Tjasa Bole-Rentel, Bioenergy Programmes Manager and an energy economics and policy specialist for the WWF, one of the groups involved in the biofuel push, adds that: “South Africa produces a large amount of agricultural waste, as well as waste from plantation forestry and waste biomass from alien vegetation clearing programmes,” adding that, “so far the effort is limited to the production of jet biofuel for one more flight.” If the technology works, production could be scaled up. 15% of the aviation fuel used at South Africa´s biggest airport could be sourced from biofuels.
Furthermore, this trial has also highlighted another important aspect: creating biofuel in South Africa, and hence not importing fuel from overseas, is extremely important. “If there is no manufacturing here, the feedstock must be shipped out of the country and then returned after refining. This makes aviation biofuel expensive and pointless,” Bole-Rentel elaborates.
Therefore, a local project is taking shape. The European Union through its SWITCH Africa Green Programme has made available $1.4 million dollars to boost agriculture and protect forests in South Africa by encouraging use of waste to make biofuels. “Waste to Wing” is the catchy name of the project.
There is a local South African social venture called Fetola that is uniting with WWF and SkyNRG to build a clean jet fuel supply chain in South Africa. Fetola means “change” in South Africa’s native Sotho language. Over two dozen community owned businesses will collect and submit waste material needed to make the biofuel.
There is also another alternative: using invasive plants that are blocking waterways and affecting farmland in South Africa. Such invasive plants can be harvested and dried to feed biofuel factories, claims Amanda Dinan, Fetola’s project manager. In this way, trash can help solve South Africa´s employment problem through, “harvesting, collection, pre-treatment and transport,” she continues.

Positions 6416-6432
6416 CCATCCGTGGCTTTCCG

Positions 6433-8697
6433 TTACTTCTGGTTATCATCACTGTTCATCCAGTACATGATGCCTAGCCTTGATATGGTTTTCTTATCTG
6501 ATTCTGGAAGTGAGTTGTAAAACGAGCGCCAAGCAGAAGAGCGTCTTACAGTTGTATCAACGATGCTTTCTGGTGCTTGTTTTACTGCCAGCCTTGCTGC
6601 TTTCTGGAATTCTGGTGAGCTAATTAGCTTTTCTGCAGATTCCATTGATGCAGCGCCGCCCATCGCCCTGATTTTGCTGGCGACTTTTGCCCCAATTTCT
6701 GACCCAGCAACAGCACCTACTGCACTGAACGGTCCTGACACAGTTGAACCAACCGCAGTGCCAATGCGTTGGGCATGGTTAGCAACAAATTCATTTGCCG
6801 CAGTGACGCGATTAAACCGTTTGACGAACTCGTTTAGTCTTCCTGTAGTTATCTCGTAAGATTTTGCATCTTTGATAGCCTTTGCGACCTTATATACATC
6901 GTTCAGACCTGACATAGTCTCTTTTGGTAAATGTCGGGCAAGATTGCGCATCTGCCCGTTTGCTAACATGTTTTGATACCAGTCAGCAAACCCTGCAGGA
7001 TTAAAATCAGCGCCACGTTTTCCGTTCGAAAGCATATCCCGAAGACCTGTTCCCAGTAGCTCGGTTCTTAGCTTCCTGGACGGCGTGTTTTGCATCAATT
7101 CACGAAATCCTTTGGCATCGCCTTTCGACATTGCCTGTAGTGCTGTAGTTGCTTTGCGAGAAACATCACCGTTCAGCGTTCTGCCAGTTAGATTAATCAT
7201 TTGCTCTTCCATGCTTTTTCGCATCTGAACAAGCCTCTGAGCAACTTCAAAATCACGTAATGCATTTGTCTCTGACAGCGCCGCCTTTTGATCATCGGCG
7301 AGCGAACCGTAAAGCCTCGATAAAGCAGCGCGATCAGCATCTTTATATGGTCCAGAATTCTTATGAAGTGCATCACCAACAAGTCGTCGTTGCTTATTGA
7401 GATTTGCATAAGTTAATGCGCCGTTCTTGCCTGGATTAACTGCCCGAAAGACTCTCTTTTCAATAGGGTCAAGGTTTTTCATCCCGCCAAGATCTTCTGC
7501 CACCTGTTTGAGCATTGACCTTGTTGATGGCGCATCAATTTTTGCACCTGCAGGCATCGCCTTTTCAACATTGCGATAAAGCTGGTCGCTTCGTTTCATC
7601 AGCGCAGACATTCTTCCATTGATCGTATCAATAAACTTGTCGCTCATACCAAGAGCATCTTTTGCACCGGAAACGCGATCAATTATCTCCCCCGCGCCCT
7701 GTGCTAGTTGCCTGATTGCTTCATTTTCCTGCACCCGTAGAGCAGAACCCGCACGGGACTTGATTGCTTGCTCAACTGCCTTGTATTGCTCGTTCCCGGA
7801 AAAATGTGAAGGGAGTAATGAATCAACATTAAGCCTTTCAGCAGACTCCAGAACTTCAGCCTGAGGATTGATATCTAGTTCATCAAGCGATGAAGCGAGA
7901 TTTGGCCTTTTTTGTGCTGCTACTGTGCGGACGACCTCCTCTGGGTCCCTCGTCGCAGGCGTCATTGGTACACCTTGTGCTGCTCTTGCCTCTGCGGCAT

“The Waste to Wing project will focus on waste biomass,” including leftovers from food and livestock feed production, paper making and furniture production, explains Bole-Rentel. This is particularly interesting as agricultural waste in South Africa is normally burnt.
However, the food supply chain must also be protected now that climate change is putting increased strain on food security. The Waste to Wing project ensures that food-producing land isn’t used to make fuel. “South Africa still has vast acres of invasive plants that can be cut down,” says Dinan. The jet biofuel project could be of tremendous help in fighting invasive plants.
Sampson Mamphweli, Director of the Centre for Renewable and Sustainable Energy Studies at Stellenbosch University, also confirmed that South Africa has plenty of organic waste that can be put to use, “This project is worth pursuing. Whether they use organic waste, or they plant the biomass for energy doesn’t matter.” However, he also explains that there is a caveat: “The cost of the actual biomass material and transporting it is also a big factor.”
Bole-Rentel says it is too early to judge South Africa’s aviation biofuel outcomes. “Our trial and research point out that there could be enough biomass to meet 100% of our aviation fuel needs in the future. However, right now normal jet fuel must continue to be blended with recycled biofuels.”
SWITCH Africa Green Programme, www.switchafricagreen.org/index.php?lang=en